MaryEberstadtMary Eberstadt presented her new book: How the West Really Lost God, in the First Things offices this week.

“To my mind, and some other people’s too, the question of how societies that were once religious become less so is one of the most interesting intellectual puzzles in the world, specifically, I find it separately interesting the question of the secularization of Western society as a whole.”

“How did significant parts of the West go from being societies that widely feared God to societies that in some cases widely jeered Him? That’s the essence of the puzzle of Western secularization.”

“Living in families, meaning families that are married and with children is an important part of what drives many people to church.”

“If you look at the timeline of the West and ask what has happened to Christianity — I believe what you will find is that it was only as strong as the family on which it depends. Family and faith are the invisible double helix of society…and integral to understanding the real cause of the Christian religious decline.”

Analysis: For many Catholics in the West keeping up with the changing times has meant moving away from the Catholic Church, even for Mass-goers. Gary Wills and William F. Buckley famously referred  to the Church as: “Mater si, Magistra no (mother yes, teacher no).” People have grown to trust ‘the pill’ and nuclear bombs over the word of God, with terrible consequences for the Church and society. Going forward, what’s needed is conversion and an awakening to participation in being, that we are all called to as children of God.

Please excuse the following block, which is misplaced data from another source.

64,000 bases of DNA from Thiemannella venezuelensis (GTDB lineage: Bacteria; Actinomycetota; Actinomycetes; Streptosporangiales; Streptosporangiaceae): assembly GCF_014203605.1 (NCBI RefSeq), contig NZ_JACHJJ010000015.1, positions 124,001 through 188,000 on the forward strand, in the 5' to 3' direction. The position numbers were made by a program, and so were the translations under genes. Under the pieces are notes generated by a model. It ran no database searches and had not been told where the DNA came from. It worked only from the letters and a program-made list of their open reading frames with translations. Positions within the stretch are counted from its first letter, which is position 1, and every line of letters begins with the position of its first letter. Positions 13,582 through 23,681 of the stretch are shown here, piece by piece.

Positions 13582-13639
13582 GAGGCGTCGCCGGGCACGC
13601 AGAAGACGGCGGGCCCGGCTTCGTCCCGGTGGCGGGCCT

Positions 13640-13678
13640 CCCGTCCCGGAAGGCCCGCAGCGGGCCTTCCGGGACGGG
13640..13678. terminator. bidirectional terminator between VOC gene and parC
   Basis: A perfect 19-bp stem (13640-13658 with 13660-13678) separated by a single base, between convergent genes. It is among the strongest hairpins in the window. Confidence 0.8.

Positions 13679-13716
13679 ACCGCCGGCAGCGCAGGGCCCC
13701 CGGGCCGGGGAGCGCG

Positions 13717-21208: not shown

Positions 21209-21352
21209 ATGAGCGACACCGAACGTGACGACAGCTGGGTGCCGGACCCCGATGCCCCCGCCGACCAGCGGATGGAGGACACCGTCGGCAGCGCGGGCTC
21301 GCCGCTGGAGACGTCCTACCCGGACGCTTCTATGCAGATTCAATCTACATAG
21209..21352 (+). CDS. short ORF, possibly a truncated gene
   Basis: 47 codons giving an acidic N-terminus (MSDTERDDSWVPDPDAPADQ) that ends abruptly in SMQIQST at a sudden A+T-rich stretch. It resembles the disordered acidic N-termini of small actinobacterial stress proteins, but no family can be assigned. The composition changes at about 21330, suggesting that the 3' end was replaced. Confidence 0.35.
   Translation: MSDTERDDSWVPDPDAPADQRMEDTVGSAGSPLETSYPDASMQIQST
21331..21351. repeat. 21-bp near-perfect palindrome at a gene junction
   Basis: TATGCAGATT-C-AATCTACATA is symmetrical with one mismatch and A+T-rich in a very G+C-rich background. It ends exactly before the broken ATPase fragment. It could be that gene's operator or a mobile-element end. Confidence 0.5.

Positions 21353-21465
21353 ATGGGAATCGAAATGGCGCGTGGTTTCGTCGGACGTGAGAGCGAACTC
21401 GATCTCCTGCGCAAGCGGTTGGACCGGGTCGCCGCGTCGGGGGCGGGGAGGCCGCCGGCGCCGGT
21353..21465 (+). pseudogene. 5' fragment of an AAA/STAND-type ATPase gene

“By marriage and the family as intermediaries, God has wisely joined two of the greatest human realities: the mission to transmit life and the love of man and woman. Through love, man and woman are called to complete themselves in a reciprocal giving, not only physical but above all spiritual. Or, better, God wishes the pair to participate in His love, in the love He has for each of them personally, in the love through which he calls them to help one another attain the fullness of their personal lives; and, at the same time, for the two things are inseparable, in the love which God has for humanity and through which he desires to multiply the children of men, in order that they may participate in his love and happiness.” Pope Paul VI, The Pope Speaks (Meredith Press, 1968)